U.S. Energy Policy
by Win Wenger, Ph.D.
To stop the half-trillion-dollar-per-year hemorrhage out of our
country, and to do so quickly without extraordinary deficits,
extraordinary bailouts or other major injuries to our economy
half or more of our oil dollars now going into hands which are
unfriendly and some of which are pursuing active terrorism against
and to break the circular problem which now keeps alternative
fuels and energy sources from developing and reaching the market....
We levy a light tax on new gasoline engines sold in the United States,
using that to partially fund a credit against taxes for purchase of
engines which are flexfuel.
- This is a modification of the proposal which
candidate Obama carried in his website during the '08 presidential
campaign, which apparently was adopted from the proposal originally
made by rocket scientist Robert
- Such a combination light tax and light tax credit
preserves individual freedom and avoids severe hardships, contrasted to the original proposal which would mandate that all cars sold after a certain date be flexfuel. Individuals are free to pursue their
individual choices, yet aggregate behavior moves in the desired
direction and solves the problem.
- The original and continuing problem at basic level
is that although alternative fuels and fuel sources exist and even now,
before economies-to-scale can be realized, can be produced in absolute
terms of cost which are comparable or favorable relative to petroleum
and gasoline, there isn't enough of a flexfuel market to afford the development and retail of flexfuels together with their support
The problem is exacerbated by
the oligopolistic cartel behaviors of Big Oil and the other big energy
companies. Every time investment begins to develop in the
alternatives, oil prices come down just enough to prevent it. (The
light tax and tax credit suggested in this briefing, among other things is a quick and easy way to bring down the price of oil substantially and keep it down.) When the public's attention wanders again, up go the prices again to squeeze everything possible out of our sorely beset pockets and the fragile American economy.
- The proposed light tax and
tax credit is hardly an infringement on the free market. In
energy and fuels, a free economy does not exist. The economy
there is instead an oligopoly, in which individual choices have no
effect, all turns in the economy are engineered to bulge the purses of
the oligopolist few. Some of that distorted wealth, in turn, is
used to buy most of our politicians in order to expand that unfair
advantage even further, and to head off the possibility of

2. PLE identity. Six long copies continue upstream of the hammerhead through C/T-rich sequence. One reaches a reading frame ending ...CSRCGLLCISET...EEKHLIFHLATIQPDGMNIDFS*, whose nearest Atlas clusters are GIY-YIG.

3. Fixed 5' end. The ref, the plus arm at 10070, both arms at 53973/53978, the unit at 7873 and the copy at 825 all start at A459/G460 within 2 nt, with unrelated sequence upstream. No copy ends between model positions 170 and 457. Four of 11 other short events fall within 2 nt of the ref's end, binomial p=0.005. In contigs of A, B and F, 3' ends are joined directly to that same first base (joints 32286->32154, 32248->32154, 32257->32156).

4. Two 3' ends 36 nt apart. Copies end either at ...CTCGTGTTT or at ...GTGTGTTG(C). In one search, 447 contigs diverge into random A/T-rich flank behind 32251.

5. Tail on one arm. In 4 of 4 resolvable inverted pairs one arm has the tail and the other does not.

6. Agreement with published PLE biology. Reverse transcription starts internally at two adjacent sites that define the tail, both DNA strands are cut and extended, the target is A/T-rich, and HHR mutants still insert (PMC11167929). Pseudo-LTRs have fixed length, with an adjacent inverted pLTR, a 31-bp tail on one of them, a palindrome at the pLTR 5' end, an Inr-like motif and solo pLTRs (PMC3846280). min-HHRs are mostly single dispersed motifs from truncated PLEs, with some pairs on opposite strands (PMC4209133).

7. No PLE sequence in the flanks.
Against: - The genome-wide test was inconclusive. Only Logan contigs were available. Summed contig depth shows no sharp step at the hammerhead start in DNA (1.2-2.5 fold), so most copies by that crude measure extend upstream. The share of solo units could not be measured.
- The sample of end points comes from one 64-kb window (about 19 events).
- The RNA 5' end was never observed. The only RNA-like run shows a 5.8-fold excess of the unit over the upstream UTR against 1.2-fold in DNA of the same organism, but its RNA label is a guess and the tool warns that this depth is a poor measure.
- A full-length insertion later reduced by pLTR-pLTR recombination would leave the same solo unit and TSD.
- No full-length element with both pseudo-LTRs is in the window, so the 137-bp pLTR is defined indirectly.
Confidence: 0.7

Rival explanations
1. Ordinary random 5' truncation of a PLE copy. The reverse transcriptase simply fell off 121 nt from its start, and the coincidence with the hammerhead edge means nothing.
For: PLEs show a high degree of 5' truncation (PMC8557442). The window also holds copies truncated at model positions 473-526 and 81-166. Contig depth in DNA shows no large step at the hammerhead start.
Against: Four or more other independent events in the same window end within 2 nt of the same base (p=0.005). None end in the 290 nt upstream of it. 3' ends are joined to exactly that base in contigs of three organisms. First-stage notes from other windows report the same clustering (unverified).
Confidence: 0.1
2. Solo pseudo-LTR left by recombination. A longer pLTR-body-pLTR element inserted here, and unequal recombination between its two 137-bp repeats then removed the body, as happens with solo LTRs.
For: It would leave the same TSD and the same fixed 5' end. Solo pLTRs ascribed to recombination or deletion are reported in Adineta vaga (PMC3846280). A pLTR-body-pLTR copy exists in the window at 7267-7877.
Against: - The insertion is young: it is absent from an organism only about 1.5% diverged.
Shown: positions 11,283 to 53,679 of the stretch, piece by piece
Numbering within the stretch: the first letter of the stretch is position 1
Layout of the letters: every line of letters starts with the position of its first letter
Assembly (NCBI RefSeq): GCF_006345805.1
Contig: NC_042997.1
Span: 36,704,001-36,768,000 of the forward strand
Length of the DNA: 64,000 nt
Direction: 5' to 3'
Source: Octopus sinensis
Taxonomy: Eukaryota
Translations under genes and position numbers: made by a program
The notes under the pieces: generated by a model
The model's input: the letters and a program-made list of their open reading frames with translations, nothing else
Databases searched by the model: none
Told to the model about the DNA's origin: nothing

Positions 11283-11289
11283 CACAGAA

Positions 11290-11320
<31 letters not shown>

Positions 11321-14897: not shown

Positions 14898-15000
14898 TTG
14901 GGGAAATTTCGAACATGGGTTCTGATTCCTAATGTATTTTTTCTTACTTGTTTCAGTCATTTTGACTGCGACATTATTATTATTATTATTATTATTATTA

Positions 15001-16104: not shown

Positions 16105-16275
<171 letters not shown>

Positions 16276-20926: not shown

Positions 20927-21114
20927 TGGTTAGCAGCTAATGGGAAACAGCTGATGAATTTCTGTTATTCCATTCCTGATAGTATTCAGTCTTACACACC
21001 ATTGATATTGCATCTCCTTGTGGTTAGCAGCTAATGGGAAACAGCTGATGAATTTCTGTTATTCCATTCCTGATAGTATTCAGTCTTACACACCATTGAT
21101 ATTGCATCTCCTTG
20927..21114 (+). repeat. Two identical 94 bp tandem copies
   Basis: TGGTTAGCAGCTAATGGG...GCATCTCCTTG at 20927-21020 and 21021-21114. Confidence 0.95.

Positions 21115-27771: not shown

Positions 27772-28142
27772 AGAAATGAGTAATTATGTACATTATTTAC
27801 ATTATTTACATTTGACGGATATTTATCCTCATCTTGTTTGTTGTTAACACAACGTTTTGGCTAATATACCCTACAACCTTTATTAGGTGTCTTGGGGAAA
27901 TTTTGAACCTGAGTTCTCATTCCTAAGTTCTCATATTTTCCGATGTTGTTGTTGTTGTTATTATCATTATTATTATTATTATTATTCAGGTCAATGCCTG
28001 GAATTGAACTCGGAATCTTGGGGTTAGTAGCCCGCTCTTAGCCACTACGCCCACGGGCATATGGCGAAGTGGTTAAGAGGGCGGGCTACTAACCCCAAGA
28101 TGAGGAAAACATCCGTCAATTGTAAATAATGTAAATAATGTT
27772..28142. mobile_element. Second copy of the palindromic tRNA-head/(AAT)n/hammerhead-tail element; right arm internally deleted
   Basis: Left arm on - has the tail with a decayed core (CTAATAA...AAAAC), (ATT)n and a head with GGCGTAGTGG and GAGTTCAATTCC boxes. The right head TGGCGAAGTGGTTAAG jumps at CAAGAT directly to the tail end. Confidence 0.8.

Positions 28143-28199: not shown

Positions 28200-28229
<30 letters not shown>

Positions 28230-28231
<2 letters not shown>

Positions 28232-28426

alternatives. The proposed light tax and tax credit is, instead,
the one realistic chance we have to create and develop a free market in the energy economy.
- Flexfuel vehicles can run on gasoline AND they can
run on a number of other fuels. They are not the hybrids we are
now seeing, guaranteed to remain so expensive as to never be a threat
to the gasoline industry, running either on gasoline or expensively
canned electricity. Under the suggested light tax and tax credit, enough people would be buying flexfuel vehicles that a meaningful number and proportion of such vehicles would soon be on our roads, which in turn would allow flexfuel sources and purveyors to develop and to compete with gasoline. Existing service stations might even opt to add ethanol, methanol and other alternative pumps to what they offer motorists.
Even the constrained and
limited supply of ethanol we now have at the pumps in America has been
so engineered that neither you nor anyone else has a choice. The ethanol is
pre-mixed with the gasoline so you can't choose between gasoline and ethanol. You are stuck with one package, and Big Oil is safe from
having the public drift away from gasoline each time the cartel hikes
prices on us. Big Oil is super-defended in depth against there
ever being allowed a free market to develop in energy. Only the
provision we recommend here has a chance of changing that.
- Lastly, don't you think it's a wee bit odd how
nearly everyone has been pussy-footing around what has to be your
answer to these two questions:
- What HAS to be the effect on the
fragile American economy, of losing a half trillion dollars a year
overseas to mostly hostile oil nations?
- What HAS been the effect of this on America's national
This briefing is the position of Win Wenger, Ph.D., and not necessarily that of any of his associates or organizations. He will welcome replies either at
P.O. Box 332, Gaithersburg, MD 20884-0332, or by email.
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